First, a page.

- Robinson Cano's agency swap is an admission that the contract pressure is getting to him, opines Bill Madden of the New York Daily News. Madden feels that Cano wants to get his big pay day but also doesn't want to have it hanging over him.
Zach Links contributed to this post.
Today's minor moves...
- Reds infielder Jason Donald cleared waivers and was outrighted to Triple-A, according to the International League transactions page. He'd been designated for assignment on Sunday. The 28-year-old hit .277/.365/.441 in 296 Triple-A plate appearances last year.
- The White Sox added righty Jason Berken to their Triple-A roster, tweets Mark Gonzales of the Chicago Tribune. Berken, 29, tossed 19 2/3 big league innings in 2012, mostly for the Cubs, but was removed from their 40-man roster in October. For the Orioles' Triple-A club, he posted a 3.50 ERA, 6.1 K/9, 2.4 BB/9, and 0.63 HR/9 in 144 innings last year. Four years ago, Baseball America explained that Berken can throw strikes with any of his four pitches, but doesn't have swing-and-miss stuff.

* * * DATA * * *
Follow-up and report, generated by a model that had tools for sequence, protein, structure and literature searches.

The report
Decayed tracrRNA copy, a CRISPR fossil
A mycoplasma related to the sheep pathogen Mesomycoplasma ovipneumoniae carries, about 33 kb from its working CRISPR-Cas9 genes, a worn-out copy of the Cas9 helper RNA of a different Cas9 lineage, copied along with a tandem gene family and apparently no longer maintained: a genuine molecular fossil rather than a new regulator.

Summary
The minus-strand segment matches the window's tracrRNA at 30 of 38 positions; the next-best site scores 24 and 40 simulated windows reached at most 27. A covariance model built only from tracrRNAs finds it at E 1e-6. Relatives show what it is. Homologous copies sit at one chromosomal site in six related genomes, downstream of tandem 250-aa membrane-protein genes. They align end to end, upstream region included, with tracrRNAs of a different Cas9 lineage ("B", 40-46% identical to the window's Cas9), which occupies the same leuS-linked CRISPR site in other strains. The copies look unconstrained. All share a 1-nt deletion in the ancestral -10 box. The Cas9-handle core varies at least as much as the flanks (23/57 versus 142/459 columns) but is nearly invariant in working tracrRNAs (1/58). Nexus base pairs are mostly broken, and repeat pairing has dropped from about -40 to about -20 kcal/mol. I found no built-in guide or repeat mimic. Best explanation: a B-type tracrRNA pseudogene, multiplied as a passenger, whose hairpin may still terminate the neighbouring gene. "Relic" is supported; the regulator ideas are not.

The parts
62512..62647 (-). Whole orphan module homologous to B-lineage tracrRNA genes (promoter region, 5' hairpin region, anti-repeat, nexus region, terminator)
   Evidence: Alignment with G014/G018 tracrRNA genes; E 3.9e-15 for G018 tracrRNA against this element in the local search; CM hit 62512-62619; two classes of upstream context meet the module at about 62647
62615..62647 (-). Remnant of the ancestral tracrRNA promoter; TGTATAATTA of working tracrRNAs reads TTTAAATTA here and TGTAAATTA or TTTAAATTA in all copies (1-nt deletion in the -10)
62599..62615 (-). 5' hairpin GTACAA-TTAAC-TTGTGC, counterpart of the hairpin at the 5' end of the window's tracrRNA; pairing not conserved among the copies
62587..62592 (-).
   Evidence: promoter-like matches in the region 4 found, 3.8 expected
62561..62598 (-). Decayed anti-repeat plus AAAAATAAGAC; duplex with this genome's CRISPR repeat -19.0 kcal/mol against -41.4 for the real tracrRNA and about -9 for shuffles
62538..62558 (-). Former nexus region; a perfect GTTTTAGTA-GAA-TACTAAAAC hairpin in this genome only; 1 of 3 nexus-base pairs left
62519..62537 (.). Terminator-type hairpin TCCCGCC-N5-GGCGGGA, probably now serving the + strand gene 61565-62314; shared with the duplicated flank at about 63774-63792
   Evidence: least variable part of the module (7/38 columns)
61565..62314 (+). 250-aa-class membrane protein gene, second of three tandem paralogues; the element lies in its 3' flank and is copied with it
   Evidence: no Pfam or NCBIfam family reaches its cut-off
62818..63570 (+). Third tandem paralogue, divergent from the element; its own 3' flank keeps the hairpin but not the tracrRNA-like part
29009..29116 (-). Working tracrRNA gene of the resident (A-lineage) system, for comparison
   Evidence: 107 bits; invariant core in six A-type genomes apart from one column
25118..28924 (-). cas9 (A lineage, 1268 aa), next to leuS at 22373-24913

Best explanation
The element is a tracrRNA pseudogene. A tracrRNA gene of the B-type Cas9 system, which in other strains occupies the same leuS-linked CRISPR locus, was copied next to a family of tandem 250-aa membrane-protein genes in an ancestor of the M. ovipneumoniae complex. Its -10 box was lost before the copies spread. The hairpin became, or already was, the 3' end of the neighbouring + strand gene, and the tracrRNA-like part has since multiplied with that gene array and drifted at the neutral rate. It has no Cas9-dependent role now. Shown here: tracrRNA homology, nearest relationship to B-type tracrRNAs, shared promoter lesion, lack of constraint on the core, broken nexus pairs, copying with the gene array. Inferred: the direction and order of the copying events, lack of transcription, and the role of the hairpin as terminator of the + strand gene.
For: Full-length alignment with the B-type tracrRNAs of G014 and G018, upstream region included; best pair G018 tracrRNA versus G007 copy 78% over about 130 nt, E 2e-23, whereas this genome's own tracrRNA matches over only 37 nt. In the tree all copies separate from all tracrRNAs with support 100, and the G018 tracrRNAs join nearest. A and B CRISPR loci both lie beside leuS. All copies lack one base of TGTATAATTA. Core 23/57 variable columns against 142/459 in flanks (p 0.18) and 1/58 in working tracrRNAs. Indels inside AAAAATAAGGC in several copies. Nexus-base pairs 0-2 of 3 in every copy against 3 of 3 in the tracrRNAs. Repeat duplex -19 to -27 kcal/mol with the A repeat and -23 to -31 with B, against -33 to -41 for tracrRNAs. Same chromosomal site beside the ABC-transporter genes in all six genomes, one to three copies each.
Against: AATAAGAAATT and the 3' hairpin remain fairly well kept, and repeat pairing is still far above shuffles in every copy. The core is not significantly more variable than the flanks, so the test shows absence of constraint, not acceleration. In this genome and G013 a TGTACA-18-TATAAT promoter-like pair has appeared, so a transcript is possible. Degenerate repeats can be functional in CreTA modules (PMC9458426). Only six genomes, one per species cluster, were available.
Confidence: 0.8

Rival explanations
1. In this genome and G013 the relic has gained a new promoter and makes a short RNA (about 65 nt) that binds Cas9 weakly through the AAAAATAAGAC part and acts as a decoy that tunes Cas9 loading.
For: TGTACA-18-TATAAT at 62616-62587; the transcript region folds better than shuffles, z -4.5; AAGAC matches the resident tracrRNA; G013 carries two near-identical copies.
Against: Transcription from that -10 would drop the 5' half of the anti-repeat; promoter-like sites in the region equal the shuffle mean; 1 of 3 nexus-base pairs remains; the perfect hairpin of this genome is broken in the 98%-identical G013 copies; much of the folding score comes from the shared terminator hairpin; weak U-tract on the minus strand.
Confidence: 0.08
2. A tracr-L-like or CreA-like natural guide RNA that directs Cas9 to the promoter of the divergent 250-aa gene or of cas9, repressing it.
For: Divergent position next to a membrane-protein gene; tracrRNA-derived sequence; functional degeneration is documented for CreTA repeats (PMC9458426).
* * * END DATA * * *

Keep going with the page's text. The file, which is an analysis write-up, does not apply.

- The White Sox also released outfielder Stefan Gartrell, tweets Gonzales. Gartrell had signed a minor league deal with an invite to big league camp. The 29-year-old hit .251/.335/.452 over 472 plate appearances last year for the Braves' Triple-A affiliate.
The Reds were one of baseball's most complete teams in 2012 -- as evidenced by their first-place finish in the NL Central -- but they entered the offseason needing to address some holes in the outfield.
Major League Signings
- Jonathan Broxton, RP: three years, $21MM.
- Jack Hannahan, IF: two years, $4MM. Club option for 2015.
- Manny Parra, RP: one year, $1MM.
- Ryan Ludwick, OF: two years, $15MM.
- Todd Redmond, SP: one year, $490K.
- Total Spend: $41.49MM.
- Jacob Constante, P: $730K.
Notable Minor League Signings
- Corky Miller, Miguel Olivo, Emmanuel Burriss, Cesar Izturis, Clay Hensley, Mark Prior, Jeff Stevens,
Trades and Claims
- Acquired OF Shin-Soo Choo and IF Jason Donald in a three-way deal for OF Drew Stubbs and SS Didi Gregorius.